So once again, those saint-building Works of Mercy come into play: “I was…a stranger and you welcomed me, naked and you clothed me…Amen, I say to you, whatever you did for one of these least brothers of mine, you did for me” (Matthew 25:35-36, 40). 

Surprised by Joy…and Heroism

Fast forward three years. I was drained after 20 hours of unmedicated labor and exhausted after another 5 hours of pushing without an epidural, so there was no immediate rush of oxytocin when the baby landed on my chest. 

I’d say the experience of birth was, as Pope St. John Paul II captures in his Letter to Women, truly “a unique experience of joy and travail.” (Although if you asked my husband, he’d probably place particular emphasis on the “travail” part.)

Yet in the days following the birth of my son, I realized I had never been happier in my entire life. There was no dramatic shift, but suddenly I found that my life was changed by the overwhelming love I had for this little human.

Yes, motherhood requires daily sacrifice. It’s repetitive and formative. But there’s so much more. There’s joy. 

To my surprise, the joy tucked into the small moments, like the explosive giggles as my husband tosses our son into the air, vastly outweighs the monotony of changing another diaper.

Of course, it’s not all toddler-picked flowers and sunshine. There’s self-denial and suffering too. That’s because—whether your vocation is to be a soldier or a mother—it’s the little moments of each day that prepare you to be heroic in the big moments. 

There are lots of little moments in motherhood—the time spent prepping meals or folding laundry—but they’re formative. That’s actually by design. It’s bootcamp for the soul.

The discipline of 1940s bootcamp produced the heroism in Easy Company that drove them to keep putting one foot in front of the other in impossible situations. One step at a time, they won the war.

American soldiers fight in Belgium during the Battle of the Bulge, January 4th, 1945

Motherhood also has the power to produce heroism and perseverance in me. 

The repetitive, ordinary Works of Mercy required over and over each day prepare the heart of every mother to one day receive the words: “Come, you who are blessed by my Father. Inherit the kingdom prepared for you from the foundation of the world” (Matthew 25:34).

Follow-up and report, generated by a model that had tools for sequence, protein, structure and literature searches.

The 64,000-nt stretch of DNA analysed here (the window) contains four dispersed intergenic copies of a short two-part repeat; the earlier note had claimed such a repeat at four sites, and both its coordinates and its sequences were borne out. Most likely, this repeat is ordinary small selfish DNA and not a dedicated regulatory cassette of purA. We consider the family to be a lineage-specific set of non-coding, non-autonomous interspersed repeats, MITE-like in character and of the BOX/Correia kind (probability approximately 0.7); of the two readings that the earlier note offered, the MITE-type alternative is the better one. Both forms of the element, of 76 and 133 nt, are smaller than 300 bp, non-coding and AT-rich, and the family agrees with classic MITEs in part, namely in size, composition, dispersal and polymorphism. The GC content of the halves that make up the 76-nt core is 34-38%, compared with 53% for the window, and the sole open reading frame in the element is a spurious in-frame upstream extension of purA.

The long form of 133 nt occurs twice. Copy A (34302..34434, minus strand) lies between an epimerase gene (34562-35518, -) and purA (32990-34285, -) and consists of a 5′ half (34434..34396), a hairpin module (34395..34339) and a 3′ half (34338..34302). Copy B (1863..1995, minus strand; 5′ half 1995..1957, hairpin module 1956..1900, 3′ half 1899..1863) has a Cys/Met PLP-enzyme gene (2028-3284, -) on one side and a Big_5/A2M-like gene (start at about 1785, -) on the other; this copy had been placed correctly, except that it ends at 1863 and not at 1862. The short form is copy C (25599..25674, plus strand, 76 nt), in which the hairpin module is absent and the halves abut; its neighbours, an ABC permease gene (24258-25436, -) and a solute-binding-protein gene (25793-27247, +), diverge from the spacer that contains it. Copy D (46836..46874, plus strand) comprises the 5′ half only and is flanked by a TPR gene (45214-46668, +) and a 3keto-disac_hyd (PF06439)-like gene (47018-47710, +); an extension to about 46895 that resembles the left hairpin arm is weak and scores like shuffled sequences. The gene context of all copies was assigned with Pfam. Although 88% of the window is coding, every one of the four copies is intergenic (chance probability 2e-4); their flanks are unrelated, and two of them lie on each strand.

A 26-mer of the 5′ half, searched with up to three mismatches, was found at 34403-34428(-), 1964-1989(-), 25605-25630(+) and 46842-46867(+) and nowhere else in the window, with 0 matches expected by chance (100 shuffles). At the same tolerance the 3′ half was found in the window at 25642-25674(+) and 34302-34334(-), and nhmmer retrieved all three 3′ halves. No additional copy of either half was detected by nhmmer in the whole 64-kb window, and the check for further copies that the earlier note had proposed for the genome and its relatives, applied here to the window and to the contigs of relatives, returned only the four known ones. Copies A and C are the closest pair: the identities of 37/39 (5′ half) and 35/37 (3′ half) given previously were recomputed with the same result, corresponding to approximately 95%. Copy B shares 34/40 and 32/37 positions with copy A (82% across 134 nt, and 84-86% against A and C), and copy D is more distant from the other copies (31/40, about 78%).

I’d say that’s a victory worth striving for, especially when there’s so much joy waiting to be discovered along the way.

As I became a mother, the clues and hints the Church had given me all along about the dignity of a vocation to marriage and motherhood finally made sense. As Cardinal Joseph Mindszenty puts it, I’m building a cathedral, and there’s so much beauty to be lived along the way: 

The most important person on Earth is a mother. She cannot claim the honor of having built Notre Dame Cathedral. She need not. She has built something more magnificent than any cathedral—a dwelling for an immortal soul, the tiny perfection of her baby’s body…The angels have not been blessed with such a grace. They cannot share in God’s creative miracle to bring new saints to Heaven. Only a human mother can. Mothers are closer to God the Creator than any other creature; God joins forces with mothers in performing this act of creation…What on God’s good earth is more glorious than this: to be a mother?

And it’s true. 

My son’s blue eyes are more brilliant to me than all the cathedral windows in the world. His baby laugh inspires more joy than all the church bells of the world ringing out on Easter morning. And I have the honor of preparing his heart for God so that, on the day of his First Communion, it will become a living tabernacle for Our Lord, more precious to Him than all the gilded tabernacles of the world. 

As the good cardinal says, it’s glorious. And full of joy and everyday heroism, too.